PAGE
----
A bullet journal index is like a contents page for your bullet journal. If you follow the traditional method of bullet journaling (bulletjournal.com), you’ll see the index is a permanent fixture in a bullet journal. But do you really need one in your journal?
What is the Point of an Index?
Although a bullet journal index is like a contents page, it’s not necessarily in chronological order. The index isn’t static but constantly changes because each time you add to your bullet journal, you should be adding to your index page.
For example, if you add a new collection such as “Books to read” tracker on the next page which happens to be page 21. You can add to your index:
21 – Books To Read
However, if on page 22 you add another gratitude log, you can add to your index:
10,22 – Gratitude Logs
Because you keep adding various collections to your bullet journal as you go, it’s good to have an index that you can refer to so you can easily find things in your bullet journal.
When I started bullet journaling, I wondered what the point of having an Index was. My bullet journal is something I almost always carry with me, I refer to it on a daily basis, so I KNOW what is in it and where to find certain collections etc. The Index seemed like a waste of time.
But now that I’ve got a nice stack of completed notebooks, if I do want to refer back to something in an old bullet journal, the Index is a lifesaver! It will save you time flipping through pages and pages looking for something in particular, I promise you!
At the end of the day, an index is not crucial to the set up of your bullet journal, it really depends on if you find it useful or not.
Supplies Needed to Set Up Your Bullet Journal Index:
- A notebook (I suggest Lemome or Dingbats*)
- A pen – my favourite for using in my bullet journal is the Staedtler Pigment Liner
- A ruler
How to Create A Bullet Journal Index:
The index page usually appears at the start of your bullet journal and is super easy to set up!
An index usually takes up 2-4 pages in your bullet journal depending on how many pages your journal has, and also how many collections you tend to create.
I always set up 4 pages to be on the safe side.
Creating an index page is as simple as splitting your pages into two columns. One smaller column for the page numbers, and a larger column for the description of the pages. Like this:
Each time you complete a page or collection, you number your page/s and you add this to your index page.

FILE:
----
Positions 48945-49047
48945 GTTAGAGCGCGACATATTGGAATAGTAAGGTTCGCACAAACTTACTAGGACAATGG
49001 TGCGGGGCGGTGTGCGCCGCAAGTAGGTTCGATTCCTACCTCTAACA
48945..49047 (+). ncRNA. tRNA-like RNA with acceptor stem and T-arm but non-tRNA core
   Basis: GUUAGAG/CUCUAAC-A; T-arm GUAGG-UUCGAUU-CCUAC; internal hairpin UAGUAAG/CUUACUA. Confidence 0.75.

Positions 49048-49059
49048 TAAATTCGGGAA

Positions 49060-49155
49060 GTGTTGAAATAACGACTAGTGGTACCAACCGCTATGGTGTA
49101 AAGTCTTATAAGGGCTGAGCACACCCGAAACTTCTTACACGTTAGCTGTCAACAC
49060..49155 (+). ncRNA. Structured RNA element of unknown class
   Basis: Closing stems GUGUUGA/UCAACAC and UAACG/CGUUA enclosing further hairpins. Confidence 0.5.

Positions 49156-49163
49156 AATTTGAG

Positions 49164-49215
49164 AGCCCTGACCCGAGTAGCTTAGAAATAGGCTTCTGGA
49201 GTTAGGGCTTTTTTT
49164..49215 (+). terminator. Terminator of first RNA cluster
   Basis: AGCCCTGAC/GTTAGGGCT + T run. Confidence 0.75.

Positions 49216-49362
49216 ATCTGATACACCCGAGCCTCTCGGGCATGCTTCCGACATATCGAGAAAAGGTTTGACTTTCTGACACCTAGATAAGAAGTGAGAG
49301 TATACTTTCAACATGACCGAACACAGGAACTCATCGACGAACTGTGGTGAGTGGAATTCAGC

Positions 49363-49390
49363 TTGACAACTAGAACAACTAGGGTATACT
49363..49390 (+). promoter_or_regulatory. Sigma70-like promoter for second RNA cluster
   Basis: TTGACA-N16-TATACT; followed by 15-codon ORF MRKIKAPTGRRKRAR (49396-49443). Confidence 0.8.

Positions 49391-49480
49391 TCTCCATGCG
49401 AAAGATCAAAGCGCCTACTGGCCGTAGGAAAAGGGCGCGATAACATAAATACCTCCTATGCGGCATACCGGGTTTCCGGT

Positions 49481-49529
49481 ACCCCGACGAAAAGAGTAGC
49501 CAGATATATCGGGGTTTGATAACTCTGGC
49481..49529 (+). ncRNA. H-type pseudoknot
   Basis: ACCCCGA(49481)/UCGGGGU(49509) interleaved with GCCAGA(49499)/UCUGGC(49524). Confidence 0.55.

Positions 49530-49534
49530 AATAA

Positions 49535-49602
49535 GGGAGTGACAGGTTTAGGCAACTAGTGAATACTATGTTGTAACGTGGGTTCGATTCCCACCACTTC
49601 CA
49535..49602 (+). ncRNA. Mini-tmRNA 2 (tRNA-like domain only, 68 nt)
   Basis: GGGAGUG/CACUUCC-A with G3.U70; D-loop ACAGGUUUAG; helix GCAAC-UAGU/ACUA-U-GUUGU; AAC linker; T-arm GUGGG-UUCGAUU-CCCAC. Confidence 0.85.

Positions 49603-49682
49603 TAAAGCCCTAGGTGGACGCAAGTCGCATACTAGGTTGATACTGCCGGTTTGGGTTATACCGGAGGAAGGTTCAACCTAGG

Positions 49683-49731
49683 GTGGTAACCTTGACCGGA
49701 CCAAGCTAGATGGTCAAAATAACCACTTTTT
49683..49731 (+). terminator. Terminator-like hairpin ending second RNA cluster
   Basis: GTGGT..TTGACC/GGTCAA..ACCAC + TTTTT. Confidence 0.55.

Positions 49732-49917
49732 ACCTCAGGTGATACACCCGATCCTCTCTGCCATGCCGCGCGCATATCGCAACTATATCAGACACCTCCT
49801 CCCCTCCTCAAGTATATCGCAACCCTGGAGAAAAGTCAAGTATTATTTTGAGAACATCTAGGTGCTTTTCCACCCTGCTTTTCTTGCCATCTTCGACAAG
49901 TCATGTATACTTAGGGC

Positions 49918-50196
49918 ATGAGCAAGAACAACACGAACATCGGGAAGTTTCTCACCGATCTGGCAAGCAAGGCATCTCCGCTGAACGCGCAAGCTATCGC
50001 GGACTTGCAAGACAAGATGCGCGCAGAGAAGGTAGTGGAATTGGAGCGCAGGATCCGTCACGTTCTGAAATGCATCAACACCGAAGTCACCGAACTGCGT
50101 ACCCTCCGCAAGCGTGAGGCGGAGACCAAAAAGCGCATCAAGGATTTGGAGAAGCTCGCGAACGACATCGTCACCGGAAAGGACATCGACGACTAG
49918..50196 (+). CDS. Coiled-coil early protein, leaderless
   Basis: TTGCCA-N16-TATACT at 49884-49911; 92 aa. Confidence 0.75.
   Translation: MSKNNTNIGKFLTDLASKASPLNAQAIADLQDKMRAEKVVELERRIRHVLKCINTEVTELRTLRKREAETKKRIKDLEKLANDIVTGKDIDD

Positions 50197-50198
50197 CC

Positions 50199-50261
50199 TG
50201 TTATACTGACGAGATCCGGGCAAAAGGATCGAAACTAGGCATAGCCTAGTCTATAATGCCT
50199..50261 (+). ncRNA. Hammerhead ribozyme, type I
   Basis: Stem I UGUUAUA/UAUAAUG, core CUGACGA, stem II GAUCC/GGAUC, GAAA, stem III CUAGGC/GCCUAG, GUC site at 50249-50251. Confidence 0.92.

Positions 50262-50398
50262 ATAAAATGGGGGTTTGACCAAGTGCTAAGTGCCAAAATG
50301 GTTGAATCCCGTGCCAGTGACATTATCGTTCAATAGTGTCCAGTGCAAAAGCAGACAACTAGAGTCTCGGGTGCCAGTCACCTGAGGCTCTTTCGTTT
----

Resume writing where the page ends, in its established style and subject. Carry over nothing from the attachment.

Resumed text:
I have to number ALL 200-something pages?
No! Of course not. If you journal pages aren’t already numbered, I would number as I go. Doing it this way rather than numbering all the pages before hand means you still have the ability to rip out pages (god forbid) or stick pages together if you really muck up your pages. This doesn’t ruin your numbering system.
However you can get some notebooks with the pages already numbered, like the Dingbats*, Leuchtturm or Scribbles That Matter.
How to Organise your Bullet Journal Index:
The index helps you navigate your bullet journal, but at the same time, it can become a loooooong list – I mean, 4 pages long potentially?
This in itself can be hard to read and navigate.
So to get around this, here are some tips and tricks to organise your index so it’s even easier to find things in your bullet journal!
1. Colour coding
Highlight items which should be grouped together like how Christina from Square Lime Designs has. (some great highlighters to try are Frixion Pastel Highlighters – they’re erasable!)
2. Make certain entries stand out
You can separate each month out by making the months stand out. For example below, indenting everything other than the month or more important collections so that they stand out:
You can highlight the more important spreads using colour:
Or you can simply make the letters bolder:
3. Separate your Collections pages from your Calendar pages
4. Only Index your Collections
Some people don’t add their daily and weekly pages to their index, because they are pretty standard in a bullet journal. Instead, try only indexing important collections, like movie trackers or your cleaning schedule or shopping lists.
This technique not only removes the clutter from your index but it also will reduce the size of your index.
5. Start your Index at the Back of your Notebook
Ok, sounds weird. But if you don’t know how many pages you need for your Index (especially if you’ve never had a bullet journal before), starting at the back means you won’t run out of space for you Index as it grows.
6. Split Your Index Pages Into Two
If you don’t like the idea of having your index at the back of your notebook, but you’re still worried about running out of room. Then you can save space by splitting your index pages in two.
7. Categorise Your Index
If the collections and pages in your bullet journal fall into distinct categories, you can group them, like this beautiful example below:
How to Decorate Your Bullet Journal Index
Just like the rest of your bullet journal, you can decorate your index pages as much or as little as you want. Here are some examples:
Use Washi Tape:
Add colour using watercolour paint or gouache:
Use a cute hand-lettered heading:
If you want more ideas for simple hand-lettered fonts to try, make sure you check out this post!
Add a Banner:
Decorate with some Gorgeous Florals:
If you struggle with these like I do, make sure to see how I go about creating floral drawings in my journal here.
Decorate using Stickers:
I hope you’ve learnt everything you need to know about the Bullet Journal Index, and got some cute ideas on how to decorate and create one for yourself.
Just remember that you don’t have to have an index in your bullet journal, if you don’t find it useful, don’t include it. But if you do, I’d love to see it! Just email me or tag me on Instagram!
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